21 October, 2021

Litstack recs | The Marriage Plot, by Jeffery Eugenides

Thief River Falls, by Brian Freeman

Full disclosure, I picked up this book despite it being a psychological thriller (not my genre of choice) but because I live in Minnesota and a close family friend hails from Thief River Falls. When this friend talks of home, of the people he knows and his experiences he’s had, it reminds me of the small towns I grew up in. I know how excited I’d be if a book written by a successful author would have been set in one of those small towns of my childhood! So I gave it a chance.

At first, I was dissatisfied. It seemed to have the inconsistencies and lack of characterizations that I fear in these kinds of popular novels, especially ones written by men where the main character is female. I complained about situations that were unstable, where I was thrown from reality into incredulity. (A blue Camero with blue racing stripes left unused in a garage that houses a multitude of stray cats and yet is immaculate? Really? A boy of ten who acts more like a child of five or six and vacillates from stoic and observant to giggling and prone to outbursts of affection towards a virtual stranger?) But by the end, when events played out, it all made chilling sense.

Lisa Powers is a writer who hails from the small town of Thief River Falls, Minnesota. She has written a number of mystery novels, but becomes a literary celebrity when one of her books is optioned by a well known Hollywood player to become a major motion picture. The title of that book is, interestingly enough, Thief River Falls, set in her hometown. But Lisa has had a rough and tragic life. Not only did she lose her fiancé some years earlier, but her mother is killed in a brutal car accident. Her father, bereft, hangs himself in the family home. Two of her siblings drown in the river that passes through the town, and her twin brother flees Thief River Falls,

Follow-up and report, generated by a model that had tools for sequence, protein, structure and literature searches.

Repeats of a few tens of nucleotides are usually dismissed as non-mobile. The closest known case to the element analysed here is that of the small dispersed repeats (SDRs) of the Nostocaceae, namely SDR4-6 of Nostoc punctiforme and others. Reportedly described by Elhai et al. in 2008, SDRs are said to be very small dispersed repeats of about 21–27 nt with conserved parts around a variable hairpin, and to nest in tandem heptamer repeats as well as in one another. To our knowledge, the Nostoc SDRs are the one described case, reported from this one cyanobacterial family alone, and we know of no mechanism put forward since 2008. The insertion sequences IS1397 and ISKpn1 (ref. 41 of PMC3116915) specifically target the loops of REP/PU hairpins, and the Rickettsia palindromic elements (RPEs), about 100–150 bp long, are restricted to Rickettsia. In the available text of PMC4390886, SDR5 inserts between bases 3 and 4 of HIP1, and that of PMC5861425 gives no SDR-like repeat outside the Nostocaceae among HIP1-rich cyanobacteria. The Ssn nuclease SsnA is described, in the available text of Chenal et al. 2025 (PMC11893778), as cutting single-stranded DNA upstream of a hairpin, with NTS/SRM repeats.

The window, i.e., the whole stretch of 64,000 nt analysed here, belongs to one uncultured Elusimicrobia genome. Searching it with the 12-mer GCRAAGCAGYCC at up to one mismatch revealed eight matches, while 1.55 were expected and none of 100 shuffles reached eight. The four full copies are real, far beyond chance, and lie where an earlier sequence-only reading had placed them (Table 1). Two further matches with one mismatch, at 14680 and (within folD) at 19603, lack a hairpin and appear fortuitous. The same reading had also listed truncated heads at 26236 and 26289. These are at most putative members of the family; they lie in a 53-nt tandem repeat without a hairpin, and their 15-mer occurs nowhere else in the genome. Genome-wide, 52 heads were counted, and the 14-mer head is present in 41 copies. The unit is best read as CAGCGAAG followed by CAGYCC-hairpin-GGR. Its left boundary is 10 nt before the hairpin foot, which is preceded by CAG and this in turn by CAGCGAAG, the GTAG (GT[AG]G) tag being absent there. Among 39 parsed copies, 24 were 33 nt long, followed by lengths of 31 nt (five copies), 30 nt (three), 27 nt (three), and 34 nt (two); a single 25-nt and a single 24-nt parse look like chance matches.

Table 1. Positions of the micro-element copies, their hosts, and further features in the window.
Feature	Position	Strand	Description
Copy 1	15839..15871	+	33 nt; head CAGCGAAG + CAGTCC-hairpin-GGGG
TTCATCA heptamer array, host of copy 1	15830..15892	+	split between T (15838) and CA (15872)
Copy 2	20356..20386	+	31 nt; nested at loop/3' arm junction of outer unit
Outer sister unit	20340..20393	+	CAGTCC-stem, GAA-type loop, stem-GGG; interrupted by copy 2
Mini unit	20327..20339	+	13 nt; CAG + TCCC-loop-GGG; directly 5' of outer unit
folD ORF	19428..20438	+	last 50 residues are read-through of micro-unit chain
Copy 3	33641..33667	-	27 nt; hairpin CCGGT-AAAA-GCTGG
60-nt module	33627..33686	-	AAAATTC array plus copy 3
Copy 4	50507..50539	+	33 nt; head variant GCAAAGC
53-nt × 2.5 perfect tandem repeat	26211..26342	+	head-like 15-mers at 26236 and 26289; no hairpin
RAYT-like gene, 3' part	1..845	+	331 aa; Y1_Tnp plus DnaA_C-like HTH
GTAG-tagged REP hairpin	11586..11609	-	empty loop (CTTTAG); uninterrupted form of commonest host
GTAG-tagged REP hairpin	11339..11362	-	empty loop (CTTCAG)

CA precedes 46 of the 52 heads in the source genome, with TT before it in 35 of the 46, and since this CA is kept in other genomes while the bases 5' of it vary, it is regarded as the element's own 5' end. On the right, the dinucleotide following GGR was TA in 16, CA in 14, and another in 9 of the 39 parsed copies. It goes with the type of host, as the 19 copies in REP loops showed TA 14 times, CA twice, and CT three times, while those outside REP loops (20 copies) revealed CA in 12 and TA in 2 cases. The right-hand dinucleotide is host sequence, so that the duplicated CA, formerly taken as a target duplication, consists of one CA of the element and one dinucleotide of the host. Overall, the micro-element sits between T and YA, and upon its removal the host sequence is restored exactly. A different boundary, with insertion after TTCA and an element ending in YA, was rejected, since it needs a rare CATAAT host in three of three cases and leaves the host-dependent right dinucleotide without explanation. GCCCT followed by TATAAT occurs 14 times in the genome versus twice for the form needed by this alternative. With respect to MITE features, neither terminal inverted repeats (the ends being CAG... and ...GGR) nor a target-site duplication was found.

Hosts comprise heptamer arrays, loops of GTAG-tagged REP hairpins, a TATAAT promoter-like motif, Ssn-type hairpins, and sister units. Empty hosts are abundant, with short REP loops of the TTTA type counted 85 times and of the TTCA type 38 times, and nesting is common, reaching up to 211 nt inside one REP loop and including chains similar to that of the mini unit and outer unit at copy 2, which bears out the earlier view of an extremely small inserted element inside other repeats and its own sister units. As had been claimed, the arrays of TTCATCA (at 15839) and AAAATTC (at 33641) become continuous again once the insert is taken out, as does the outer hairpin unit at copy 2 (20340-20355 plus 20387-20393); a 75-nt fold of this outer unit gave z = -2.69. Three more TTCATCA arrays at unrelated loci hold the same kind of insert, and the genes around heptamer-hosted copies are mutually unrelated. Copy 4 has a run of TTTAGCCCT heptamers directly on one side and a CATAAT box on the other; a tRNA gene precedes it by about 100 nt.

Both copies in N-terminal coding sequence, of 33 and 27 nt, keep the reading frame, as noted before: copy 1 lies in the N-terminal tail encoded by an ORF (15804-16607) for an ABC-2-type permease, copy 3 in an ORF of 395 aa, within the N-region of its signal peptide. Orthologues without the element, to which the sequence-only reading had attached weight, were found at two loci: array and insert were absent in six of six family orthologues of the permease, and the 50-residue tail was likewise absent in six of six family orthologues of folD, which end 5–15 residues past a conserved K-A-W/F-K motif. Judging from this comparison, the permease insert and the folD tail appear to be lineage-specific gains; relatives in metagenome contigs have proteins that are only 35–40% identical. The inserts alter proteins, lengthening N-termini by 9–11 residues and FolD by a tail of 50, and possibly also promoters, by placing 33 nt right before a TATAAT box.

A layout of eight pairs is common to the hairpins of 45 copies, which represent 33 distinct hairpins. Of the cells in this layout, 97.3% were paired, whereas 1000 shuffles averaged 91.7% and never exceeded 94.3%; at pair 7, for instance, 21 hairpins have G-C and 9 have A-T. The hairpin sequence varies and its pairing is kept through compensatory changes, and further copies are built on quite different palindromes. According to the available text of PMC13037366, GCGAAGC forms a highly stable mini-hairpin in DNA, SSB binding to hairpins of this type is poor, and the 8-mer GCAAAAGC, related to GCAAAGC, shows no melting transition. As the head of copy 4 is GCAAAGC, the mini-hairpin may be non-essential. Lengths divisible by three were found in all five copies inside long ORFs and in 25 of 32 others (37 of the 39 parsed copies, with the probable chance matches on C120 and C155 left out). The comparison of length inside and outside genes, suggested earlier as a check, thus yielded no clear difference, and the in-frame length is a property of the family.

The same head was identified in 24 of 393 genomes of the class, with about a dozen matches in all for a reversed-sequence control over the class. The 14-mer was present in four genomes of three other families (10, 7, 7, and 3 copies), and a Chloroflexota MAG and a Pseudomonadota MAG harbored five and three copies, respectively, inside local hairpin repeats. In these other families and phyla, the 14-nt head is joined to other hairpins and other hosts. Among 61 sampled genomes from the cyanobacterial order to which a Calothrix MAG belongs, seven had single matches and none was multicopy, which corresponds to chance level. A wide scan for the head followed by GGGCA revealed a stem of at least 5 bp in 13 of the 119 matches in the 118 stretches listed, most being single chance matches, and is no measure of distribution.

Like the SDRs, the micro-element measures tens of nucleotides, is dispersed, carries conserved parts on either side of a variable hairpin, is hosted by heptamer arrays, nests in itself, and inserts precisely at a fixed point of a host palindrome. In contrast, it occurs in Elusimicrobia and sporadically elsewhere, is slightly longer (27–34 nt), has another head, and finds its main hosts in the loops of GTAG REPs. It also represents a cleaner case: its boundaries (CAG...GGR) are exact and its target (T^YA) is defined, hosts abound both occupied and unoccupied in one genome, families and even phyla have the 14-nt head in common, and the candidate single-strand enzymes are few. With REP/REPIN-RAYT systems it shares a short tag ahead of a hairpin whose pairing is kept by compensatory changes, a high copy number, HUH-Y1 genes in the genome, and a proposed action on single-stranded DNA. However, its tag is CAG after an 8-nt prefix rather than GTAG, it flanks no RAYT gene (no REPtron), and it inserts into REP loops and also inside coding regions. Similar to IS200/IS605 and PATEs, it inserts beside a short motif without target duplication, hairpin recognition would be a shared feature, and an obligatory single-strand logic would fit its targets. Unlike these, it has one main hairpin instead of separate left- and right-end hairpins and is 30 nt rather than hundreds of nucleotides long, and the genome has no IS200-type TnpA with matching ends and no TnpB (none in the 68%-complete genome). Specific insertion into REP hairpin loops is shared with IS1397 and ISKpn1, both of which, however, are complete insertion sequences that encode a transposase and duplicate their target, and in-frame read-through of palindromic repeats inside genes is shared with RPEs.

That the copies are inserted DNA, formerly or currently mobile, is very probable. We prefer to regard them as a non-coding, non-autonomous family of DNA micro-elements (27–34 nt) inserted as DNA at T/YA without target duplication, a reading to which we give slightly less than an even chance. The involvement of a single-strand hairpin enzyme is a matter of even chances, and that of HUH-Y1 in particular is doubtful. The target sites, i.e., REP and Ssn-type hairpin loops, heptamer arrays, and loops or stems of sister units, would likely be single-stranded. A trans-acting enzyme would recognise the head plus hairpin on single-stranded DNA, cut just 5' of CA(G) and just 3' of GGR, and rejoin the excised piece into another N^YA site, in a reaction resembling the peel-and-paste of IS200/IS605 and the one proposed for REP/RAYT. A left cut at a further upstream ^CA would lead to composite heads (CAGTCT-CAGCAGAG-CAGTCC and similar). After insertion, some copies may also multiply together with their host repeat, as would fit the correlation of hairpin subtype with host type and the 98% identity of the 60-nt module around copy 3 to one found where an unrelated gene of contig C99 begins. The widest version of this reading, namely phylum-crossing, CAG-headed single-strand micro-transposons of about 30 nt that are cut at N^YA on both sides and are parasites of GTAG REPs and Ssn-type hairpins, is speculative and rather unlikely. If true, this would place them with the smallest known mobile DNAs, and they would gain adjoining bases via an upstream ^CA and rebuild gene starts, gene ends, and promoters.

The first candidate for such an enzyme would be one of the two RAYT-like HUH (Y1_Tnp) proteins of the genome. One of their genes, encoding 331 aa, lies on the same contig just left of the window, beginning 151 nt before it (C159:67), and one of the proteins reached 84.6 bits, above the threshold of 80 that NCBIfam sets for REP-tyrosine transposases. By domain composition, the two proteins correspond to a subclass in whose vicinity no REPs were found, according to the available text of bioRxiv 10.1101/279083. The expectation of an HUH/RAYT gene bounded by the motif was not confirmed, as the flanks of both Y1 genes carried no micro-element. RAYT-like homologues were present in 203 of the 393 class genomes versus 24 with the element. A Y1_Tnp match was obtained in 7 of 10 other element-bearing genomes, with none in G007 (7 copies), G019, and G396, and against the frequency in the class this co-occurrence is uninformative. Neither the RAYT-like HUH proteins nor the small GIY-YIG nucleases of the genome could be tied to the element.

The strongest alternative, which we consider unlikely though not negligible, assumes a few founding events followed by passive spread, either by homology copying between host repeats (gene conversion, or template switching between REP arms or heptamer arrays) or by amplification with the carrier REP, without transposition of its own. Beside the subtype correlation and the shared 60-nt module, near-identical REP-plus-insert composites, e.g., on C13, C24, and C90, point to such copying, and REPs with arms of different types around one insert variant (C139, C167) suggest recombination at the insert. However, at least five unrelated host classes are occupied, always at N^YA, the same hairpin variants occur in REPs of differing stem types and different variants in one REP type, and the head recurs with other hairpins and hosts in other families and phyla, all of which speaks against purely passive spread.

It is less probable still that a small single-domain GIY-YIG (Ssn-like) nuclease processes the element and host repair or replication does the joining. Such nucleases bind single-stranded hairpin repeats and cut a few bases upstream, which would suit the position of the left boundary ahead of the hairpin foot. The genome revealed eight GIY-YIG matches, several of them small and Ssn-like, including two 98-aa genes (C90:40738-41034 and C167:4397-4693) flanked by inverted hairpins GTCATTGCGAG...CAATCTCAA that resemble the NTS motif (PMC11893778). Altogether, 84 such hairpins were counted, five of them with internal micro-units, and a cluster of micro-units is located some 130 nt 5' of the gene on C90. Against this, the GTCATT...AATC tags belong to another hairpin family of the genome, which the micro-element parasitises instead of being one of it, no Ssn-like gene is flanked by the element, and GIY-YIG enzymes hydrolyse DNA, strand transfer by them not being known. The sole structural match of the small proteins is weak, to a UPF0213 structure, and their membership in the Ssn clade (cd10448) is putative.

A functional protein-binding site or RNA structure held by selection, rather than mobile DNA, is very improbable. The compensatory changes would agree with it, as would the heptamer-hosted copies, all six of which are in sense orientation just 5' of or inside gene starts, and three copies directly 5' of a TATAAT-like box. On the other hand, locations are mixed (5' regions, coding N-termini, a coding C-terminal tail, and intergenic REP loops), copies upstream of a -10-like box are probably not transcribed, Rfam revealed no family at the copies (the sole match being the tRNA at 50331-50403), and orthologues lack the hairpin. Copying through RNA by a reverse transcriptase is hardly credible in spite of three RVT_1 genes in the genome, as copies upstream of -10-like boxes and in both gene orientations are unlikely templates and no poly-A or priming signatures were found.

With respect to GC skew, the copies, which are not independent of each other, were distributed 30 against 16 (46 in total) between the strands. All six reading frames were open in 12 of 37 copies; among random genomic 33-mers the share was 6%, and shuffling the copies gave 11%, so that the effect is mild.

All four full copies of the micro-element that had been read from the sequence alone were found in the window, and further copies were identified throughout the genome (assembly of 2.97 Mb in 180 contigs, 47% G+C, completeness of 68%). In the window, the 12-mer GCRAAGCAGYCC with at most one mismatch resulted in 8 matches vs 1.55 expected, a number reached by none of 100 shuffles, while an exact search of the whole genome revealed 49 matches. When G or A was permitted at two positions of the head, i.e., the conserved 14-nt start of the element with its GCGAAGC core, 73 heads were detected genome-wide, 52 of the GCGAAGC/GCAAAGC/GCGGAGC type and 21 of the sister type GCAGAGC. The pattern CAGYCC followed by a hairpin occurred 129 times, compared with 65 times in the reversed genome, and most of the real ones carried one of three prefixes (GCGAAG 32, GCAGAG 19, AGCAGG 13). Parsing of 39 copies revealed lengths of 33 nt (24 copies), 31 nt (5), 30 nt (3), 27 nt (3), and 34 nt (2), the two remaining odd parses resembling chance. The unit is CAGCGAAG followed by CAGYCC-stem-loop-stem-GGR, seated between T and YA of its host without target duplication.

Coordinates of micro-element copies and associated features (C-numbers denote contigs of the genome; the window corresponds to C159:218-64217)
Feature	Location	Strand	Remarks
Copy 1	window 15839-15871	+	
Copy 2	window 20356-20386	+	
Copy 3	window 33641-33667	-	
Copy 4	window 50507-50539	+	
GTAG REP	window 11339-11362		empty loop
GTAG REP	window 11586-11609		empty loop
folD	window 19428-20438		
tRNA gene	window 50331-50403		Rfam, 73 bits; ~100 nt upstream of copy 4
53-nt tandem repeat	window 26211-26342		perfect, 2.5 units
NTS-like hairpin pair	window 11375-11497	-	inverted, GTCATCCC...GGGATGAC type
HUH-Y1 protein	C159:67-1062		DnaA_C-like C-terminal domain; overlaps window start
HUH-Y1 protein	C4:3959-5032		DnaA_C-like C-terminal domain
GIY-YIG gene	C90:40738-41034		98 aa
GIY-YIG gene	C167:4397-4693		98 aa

leaving Lisa alone to deal with her grief and loss.

Then late one night she after returning to the remote farmhouse she has rebuilt as her retreat, in the middle of a blustering storm, a runaway boy with no memory shows up with a terrifying story: he’s witnessed a horrifying murder, which the police want to cover up. When Lisa attempts to collaborate the boy’s tale, she finds herself drawn into a harrowing mystery where every attempt she makes to find the truth is thwarted by not only the authorities but others that she once trusted. Someone in power
wants the boy back, but Lisa is obsessed with saving the boy and unraveling the mystery, even while the trap set around them tightens.

Honestly, I wasn’t too vested in Lisa or the mysterious boy, who she calls Purdue (after a character in her novel) for most of the book, due to the aforementioned inconsistencies. But I was struck with the sense of place, the depictions of life in Northern Minnesota and Thief River Falls itself. This sense of place kept me reading. It grounds this novel and holds it all together, giving it an element of reality that bolsters the dramatic conclusion.

All in all, I’m glad I read this book. While I don’t consider it one that will pull me into expanding my literary horizon into thrillers or murder mysteries, I might just try another Brian Freeman book in the future, just to see what else he can do. After all, I’ve heard that Thief River Falls isn’t the only novel he’s set in Minnesota. Who knows? He might make a convert of me yet.

— Sharon Browning

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